Archive 2008 - 2019

Technical Support Scams

by Matthew Payton

    Technical Support Scams are nothing new, unfortunately Bit Bull Computer Services has encountered two such instances recently where citizens of Holliston were being victimized by these fraudulent calls, and alerts on their personal computers.  So we wanted to take a moment to help educate the layman on how to identify, prevent, and recover from these types of assaults.

Here’s how it happens: Scammers contact the user either through a call, or alerts on the machine in question, and claim to be associated with a well-known tech support company relevant to a device owned by the targeted user such as Amazon or Microsoft. Users are then informed that their device is infected, and they must take action immediately.

Once the scammer has convinced you remote assistance is needed, a fee is of course required before the issue in question can be resolved, and here is where circumstances quickly go sour. Any financial information provided is recorded, and sold to a third party, and the device in question is commonly infected with a rootkit so it can be accessed in the future without your permission.

  To protect yourself ensure you do not purchase any software or services, or grant remote access unless you can confirm the authenticity of the session. Moreover ensure you’re recording the information of the company and representative with whom you are speaking, so it can be reported to the authorities in the event circumstances dictate it appropriate. Supporting local businesses is also a phenomenal way of ensuring you’re communicating with a trust worthy source, who is both qualified and dedicated to resolving your problem, and can prevent many of these hassles from ever occurring.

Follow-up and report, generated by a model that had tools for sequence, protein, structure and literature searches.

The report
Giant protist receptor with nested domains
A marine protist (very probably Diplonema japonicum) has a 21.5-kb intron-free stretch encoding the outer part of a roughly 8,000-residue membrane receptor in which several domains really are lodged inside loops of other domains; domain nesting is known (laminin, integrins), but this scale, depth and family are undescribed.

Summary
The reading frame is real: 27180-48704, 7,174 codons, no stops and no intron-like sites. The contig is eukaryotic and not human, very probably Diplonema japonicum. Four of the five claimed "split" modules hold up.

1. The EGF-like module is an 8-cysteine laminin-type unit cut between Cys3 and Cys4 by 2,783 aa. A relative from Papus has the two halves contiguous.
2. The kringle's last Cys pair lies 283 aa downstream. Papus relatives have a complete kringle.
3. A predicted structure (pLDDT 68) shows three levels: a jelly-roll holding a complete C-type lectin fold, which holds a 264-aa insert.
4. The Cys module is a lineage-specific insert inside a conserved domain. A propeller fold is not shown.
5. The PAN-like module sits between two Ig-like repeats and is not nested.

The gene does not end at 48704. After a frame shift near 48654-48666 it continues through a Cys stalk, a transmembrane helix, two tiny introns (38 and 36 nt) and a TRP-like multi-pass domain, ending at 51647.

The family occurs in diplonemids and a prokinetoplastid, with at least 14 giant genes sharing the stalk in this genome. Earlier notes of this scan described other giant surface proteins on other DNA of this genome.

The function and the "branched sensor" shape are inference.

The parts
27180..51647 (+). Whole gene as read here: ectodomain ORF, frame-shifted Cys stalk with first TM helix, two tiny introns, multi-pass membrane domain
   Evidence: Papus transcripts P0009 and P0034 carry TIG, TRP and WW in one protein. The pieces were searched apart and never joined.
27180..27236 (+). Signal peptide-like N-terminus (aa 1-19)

Comments (2)

Mr. Samtora, while operating on a general consensus where sensitive data provided to callers is limited is generally a good policy, in today's day and age that quite simply isn't good enough. Many companies such as Apple, Amazon, Microsoft, and Heward Packett offer extensive remote assistance services, which allow individuals and small to medium sized businesses to operate on a "hands off basis", enabling easier access and smoother functionality for the user. Unfortunately vulnerabilities both on the web, and client side on the users systems, commonly enable hackers to exploit a tactic known as a session hijack to locate and use data normally reserved to authenticate a session either over the phone, or through machine in question, thus victimizing the user. Therefore it is always a good idea to ensure any circumstances of this nature are thoroughly documented regardless of their origins, and that system security is maintained only through verifiable sources.

Matthew Payton | 2015-12-30 10:56:41

Or better yet - never give your financial account information over to anyone who randomly calls you on the phone or emails you. Duh.

John Samtora | 2015-12-30 05:41:06